How to ask for help (and how to cope when the answer is no)

Recently, I began working on a project that I could never complete without the help of some (okay, many) of my friends. Asking for that help, however, has proven easier said than done. 

As it turns out, I have, among other anxieties, an intense fear of rejection and subsequent failure. There, I said it.

image via shutterbean

image via shutterbean

This project is a cause I believe in, and it can make Athens, my new home (at least, it's where I've felt the most at-home in the last decade) an even better place than it already is. I won't make money from it anytime soon, but has the potential to help a lot of people, which is good enough for me. 

As a creative, it's tough to deal when someone might not be as amped about your idea as you are. I deal with this frequently, even in my day-to-day work. When a writer turns in a story, a former editor explained to me once, it's like you're offering a gift, a part of yourself, however small it may be. And if that person doesn't respect the gift you've given them, if they don't nourish it and appreciate the beauty you see in it, that hurts. You need a tough skin. 

So I'm not sure what my expectations were when I pitched my idea to someone whose work I respect, while asking them for help in introducing me to some people who might be interested in it as well. Before then, the response from others had been great, but I also understand that most people won't tell you you're crazy right off the bat, they'll be more like "oh that's so interesting!" while slowly backing away. I hadn't gotten any red flags like that, so I pulled the trigger and hit "send" on the email.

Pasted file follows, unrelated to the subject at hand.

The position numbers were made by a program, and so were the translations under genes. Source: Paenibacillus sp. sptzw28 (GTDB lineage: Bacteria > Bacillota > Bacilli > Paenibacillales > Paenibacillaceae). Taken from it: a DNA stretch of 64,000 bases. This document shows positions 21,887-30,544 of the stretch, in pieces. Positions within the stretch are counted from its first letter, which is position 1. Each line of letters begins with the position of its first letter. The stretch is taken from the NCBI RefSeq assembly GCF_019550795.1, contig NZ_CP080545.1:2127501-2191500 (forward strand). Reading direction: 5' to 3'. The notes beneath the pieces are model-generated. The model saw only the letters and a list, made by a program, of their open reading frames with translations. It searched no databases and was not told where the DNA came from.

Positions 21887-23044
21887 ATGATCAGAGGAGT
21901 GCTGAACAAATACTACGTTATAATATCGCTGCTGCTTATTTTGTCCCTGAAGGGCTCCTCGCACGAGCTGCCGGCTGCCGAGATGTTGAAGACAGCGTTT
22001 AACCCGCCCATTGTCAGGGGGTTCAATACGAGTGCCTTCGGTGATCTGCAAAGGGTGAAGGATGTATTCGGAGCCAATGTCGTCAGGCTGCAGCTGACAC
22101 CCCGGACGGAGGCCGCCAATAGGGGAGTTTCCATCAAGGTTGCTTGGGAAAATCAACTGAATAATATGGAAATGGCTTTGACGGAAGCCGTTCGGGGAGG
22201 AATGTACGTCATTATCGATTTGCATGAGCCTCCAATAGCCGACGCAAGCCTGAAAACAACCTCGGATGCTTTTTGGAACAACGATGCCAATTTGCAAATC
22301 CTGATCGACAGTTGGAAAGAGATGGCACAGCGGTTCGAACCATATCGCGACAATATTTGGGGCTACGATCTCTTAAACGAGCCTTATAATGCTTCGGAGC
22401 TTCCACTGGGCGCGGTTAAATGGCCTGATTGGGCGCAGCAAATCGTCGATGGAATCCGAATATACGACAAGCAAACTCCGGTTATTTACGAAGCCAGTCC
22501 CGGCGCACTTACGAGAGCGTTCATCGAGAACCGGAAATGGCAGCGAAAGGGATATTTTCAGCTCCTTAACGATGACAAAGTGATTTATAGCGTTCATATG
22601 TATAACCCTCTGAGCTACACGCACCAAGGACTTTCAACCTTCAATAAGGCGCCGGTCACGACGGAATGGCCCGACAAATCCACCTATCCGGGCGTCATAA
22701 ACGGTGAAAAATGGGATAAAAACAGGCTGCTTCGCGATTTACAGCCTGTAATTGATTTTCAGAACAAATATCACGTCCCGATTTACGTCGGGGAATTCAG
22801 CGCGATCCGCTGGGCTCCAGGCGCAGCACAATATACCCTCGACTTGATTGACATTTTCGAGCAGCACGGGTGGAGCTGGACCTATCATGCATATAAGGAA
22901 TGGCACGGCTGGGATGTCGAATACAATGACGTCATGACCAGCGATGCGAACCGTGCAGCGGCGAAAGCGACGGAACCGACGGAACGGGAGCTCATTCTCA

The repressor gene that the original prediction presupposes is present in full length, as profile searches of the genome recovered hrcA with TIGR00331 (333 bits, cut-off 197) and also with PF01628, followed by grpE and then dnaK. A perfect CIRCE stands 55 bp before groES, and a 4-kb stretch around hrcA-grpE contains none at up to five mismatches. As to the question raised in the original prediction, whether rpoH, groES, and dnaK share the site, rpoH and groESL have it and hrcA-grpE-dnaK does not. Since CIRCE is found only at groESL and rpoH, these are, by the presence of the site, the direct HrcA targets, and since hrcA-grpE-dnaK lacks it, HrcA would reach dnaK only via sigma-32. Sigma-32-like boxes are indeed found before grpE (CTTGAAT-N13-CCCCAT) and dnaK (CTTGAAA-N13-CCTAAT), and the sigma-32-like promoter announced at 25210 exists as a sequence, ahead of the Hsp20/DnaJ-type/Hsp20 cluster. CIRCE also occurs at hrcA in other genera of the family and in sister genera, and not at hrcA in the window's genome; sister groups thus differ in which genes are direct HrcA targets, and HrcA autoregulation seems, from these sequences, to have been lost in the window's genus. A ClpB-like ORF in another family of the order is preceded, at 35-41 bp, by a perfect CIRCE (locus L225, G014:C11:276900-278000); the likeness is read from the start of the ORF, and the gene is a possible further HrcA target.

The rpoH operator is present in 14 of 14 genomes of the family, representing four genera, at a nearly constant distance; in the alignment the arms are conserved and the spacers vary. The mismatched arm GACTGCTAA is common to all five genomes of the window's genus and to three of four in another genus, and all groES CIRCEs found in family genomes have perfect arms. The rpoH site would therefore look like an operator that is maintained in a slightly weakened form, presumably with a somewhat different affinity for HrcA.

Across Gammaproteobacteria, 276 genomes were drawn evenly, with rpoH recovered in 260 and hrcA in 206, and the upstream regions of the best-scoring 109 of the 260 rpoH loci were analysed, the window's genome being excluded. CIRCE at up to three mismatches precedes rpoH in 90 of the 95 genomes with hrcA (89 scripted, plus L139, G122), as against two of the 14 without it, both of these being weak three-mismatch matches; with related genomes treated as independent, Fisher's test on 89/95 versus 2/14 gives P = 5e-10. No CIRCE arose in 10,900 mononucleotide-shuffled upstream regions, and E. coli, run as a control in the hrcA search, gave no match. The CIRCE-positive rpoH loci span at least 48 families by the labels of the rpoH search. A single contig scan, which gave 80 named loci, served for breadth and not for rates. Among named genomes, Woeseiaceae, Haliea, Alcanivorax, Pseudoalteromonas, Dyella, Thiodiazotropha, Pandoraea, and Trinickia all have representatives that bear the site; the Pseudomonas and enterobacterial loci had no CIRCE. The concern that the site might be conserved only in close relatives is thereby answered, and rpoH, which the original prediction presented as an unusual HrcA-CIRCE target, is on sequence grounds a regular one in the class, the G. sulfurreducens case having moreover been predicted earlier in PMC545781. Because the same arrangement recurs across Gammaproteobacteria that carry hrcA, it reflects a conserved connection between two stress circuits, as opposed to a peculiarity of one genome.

It was a leap of faith, or something.

Now it's several weeks later, and I've followed up twice with no response from the other party. Bummer. 

 It's easy to fall into that place where one setback can feel so huge, and dealing with rejection (even lazy, passive forms of rejection, which are just the worst) sounds like running a marathon.  I've bounced back and forth between thinking of giving up and wanting my idea to be a raging success for the last three weeks, and honestly, I'm still not completely confident in my ability to accomplish the latter.

But that's my problem. The people whose ideas deserve a chance to see the light of day are relying on mine to work. It's a lot of pressure, but I'm up to the task.